A vital shift is on the horizon for Ethiopia’s manufacturers, who once thrived on exports braced by the African Growth & Opportunity Act (AGOA). If a bold proposal by Melaku Alebel, minister of Industry, and his senior officials gains traction, industrial park operators could soon tap into the domestic markets, signalling a significant shift in the federal government’s trade strategy.

In the aftermath of Ethiopia’s January 2022 suspension from AGOA - a consequence of a bitter two-year conflict with armed forces in Tigray - the federal government initiated a stopgap measure: temporarily letting companies in industrial parks access local markets to stave off potential business collapses. With AGOA’s preferential status set to sunset in 2025 and Ethiopia’s position still precarious, the urgency for a more sustainable solution has become pressing.

The proposed strategy, which is now before the Ethiopian Investment Board - a federal agency that operates under the purview of the Prime Minister - is audacious. The Board comprises members such as Central Bank Governor Mamo Mihretu, Finance Minister Ahmed Shide, Fitsum Asfaw (PhD), minister of Planning & Development, Lelise Neme, head of the Ethiopian Investment Commission, and Grima Biru, senior macroeconomic advisor to the Prime Minister.

Manufacturers might soon be required to channel 50pc of their finished goods, along with their inputs, into the domestic market.

State Minister for Industry, Tarekegn Bululta, remains hopeful but pragmatic about a potential AGOA reinstatement.

“It’s beyond our control,” Tarekegn told Fortune.

He highlighted the country’s proactive measures to elevate the manufacturing sector, which currently contributes 3.1pc to Ethiopia’s GDP.

“We’re exploring options, including renting out spaces to local manufacturers and seeking markets outside the US,” said Tarekegn.

In a recent performance snapshot, Ethiopia’s five main manufacturing sectors — encompassing textile, food & beverages, leather products, chemical, and tech — raked in 266 million dollars, achieving 69pc of their annual target in the third quarter of last year. The Ministry of Industry is bullish about the future, targeting 400 million dollars from manufacturing exports this year. Encouragingly, textile exports to countries like Italy, Germany, India, Korea, Belgium, and the United Kingdom (UK) have already brought in five million dollars in the past two months.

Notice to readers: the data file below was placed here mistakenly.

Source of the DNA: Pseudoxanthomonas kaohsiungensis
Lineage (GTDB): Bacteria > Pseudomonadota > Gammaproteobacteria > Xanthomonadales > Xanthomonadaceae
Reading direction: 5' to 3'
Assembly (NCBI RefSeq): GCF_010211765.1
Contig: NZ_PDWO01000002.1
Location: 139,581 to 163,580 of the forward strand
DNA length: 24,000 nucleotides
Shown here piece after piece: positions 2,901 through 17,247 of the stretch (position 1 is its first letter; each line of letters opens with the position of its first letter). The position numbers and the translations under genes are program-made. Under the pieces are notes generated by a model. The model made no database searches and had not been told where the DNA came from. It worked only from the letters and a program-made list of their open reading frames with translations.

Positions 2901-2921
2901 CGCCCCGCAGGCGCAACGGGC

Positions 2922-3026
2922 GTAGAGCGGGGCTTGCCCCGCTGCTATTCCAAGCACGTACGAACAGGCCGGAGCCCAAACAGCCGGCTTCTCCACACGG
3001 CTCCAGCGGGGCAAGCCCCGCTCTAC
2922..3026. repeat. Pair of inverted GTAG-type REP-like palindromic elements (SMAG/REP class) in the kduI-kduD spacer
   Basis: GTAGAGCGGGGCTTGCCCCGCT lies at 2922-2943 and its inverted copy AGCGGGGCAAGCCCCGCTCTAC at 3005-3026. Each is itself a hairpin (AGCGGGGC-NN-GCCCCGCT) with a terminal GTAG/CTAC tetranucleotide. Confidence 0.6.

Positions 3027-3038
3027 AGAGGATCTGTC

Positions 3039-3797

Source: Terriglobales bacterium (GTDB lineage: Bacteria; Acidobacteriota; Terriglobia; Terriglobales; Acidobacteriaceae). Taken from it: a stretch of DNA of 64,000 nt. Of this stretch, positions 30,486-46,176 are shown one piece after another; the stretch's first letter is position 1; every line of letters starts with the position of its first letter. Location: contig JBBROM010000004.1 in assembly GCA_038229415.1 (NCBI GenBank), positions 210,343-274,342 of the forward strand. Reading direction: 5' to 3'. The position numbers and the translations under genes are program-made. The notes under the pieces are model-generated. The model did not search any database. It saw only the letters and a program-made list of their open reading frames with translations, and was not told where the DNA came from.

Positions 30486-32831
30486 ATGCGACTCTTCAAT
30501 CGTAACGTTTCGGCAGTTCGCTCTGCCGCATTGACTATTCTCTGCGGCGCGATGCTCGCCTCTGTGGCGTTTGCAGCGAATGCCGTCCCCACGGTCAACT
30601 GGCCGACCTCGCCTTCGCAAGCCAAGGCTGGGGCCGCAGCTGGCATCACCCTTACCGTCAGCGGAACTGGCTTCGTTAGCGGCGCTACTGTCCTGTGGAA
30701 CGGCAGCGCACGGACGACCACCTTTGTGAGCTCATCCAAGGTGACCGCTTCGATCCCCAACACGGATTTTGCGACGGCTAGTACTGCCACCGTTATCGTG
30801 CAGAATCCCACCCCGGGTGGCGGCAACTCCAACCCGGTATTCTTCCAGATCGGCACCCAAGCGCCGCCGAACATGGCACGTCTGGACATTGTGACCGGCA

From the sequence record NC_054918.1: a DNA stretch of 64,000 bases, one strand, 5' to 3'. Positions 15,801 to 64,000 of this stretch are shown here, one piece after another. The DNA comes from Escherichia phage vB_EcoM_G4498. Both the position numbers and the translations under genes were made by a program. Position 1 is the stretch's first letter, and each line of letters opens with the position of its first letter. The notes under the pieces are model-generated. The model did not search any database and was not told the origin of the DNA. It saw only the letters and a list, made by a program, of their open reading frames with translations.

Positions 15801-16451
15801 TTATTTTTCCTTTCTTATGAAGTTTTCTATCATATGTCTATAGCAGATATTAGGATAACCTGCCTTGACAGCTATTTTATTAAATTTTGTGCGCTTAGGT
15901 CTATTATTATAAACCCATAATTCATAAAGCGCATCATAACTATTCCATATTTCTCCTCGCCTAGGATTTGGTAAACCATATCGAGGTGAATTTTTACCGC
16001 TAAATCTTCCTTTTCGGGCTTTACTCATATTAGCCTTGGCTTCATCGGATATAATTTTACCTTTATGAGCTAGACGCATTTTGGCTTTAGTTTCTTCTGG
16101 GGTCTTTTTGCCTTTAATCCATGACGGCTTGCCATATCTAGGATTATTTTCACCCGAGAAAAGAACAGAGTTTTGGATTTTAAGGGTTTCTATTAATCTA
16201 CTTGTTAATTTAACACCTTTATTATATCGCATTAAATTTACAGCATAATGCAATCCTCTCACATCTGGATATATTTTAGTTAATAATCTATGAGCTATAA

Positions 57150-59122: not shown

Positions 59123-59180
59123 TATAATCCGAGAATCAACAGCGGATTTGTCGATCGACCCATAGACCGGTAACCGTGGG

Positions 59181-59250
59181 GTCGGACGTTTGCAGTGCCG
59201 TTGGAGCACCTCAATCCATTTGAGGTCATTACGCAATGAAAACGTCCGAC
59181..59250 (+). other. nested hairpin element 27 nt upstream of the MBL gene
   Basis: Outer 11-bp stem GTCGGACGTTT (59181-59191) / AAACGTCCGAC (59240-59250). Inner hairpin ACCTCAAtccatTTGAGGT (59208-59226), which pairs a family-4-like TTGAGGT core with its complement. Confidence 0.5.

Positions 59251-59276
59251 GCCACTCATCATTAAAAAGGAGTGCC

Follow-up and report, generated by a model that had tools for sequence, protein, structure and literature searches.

Zerihun Abebe, who oversees competitive export production at the Ministry, emphasised the need to deal with sweeping employee layoffs plaguing the industrial parks. The mostly textile-centric Hawassa Industrial Park (HIP) witnessed a 16pc workforce dip of 25,000 post-AGOA. Hong Kong’s Tal Apparel, a six-year veteran of the Park, reflects this trend. Once a busy operation exporting shirts to the US, the company now grapples with downsizing and dwindling demand.

Fitsum Tafesse, Tal’s logistics manager, offered a sobering perspective. The company has stopped recruiting new employees and is struggling to maintain the 1,100 workforce as it operates at half capacity.

“Domestic sales might just about cover rent,” he told Fortune, highlighting the daunting challenges of adapting to a post-AGOA landscape, where domestic wholesalers find a seven-dollar price tag for a shirt steep. “We are simply surviving.”

Before the AGOA fallout, these manufacturers were confined to selling a mere five percent of their output locally. The nebulous nature of the directives stymied manufacturers from taking advantage of the domestic potential, according to Hibret Lema, who heads the Investors Association at the Park. Hibret championed the proposed policy shift but stressed the imperative for transparent regulatory papers to instil corporate confidence.

“It’s better than nothing,” said Hibret, emphasising the need for consistent regulations.

Beyond these immediate challenges, a broader picture emerges.

A World Bank report from November last year painted a concerning picture—industrial parks underperforming by a staggering half a billion dollars. Despite having 15  parks in operation, these infrastructural behemoths have only recouped half their construction costs.

The fallout has been drastic for companies like the US-based New Wing, a leather shoe manufacturing stalwart. Once a thriving operation churning out 2000 pairs daily, it is down to a mere fraction of last week’s figure.

However, it is not all gloom, according to New Wing’s Deputy Manager, Evano Mesifin. He is optimistic about ongoing negotiations to supply safety footwear for corporate giants like Ethiopian Airlines. Evano, resonating with the broader industry sentiment, was sceptical about an AGOA return and is actively pursuing European and Asian markets.

“I don’t think AGOA will be reinstated,” Evano told Fortune.

Industry observers say this episode offers Ethiopia a silver lining: an opportunity to recalibrate and diversify.

Abnet Belay, an investment consultant from MPE Business & Investment Consulting, weighed in, suggesting that the federal government forge stronger regional trade alliances within COMESA and AfCFTA. His counsel is to avoid over-reliance on distant markets and foster robust supply chains within the country.

“Diversification is the key,” Abinet told Fortune. “Relying heavily on a single market was a misstep.”

PUBLISHED ON Sep 30,2023 [ VOL 24 , NO 1222]

How useful was this post?

Click on a star to rate it!

Average rating 0 / 5. Vote count: 0

No votes so far! Be the first to rate this post.

Put your comments here

N.B: A submit button will appear once you fill out all the required fields.

Editors' Pick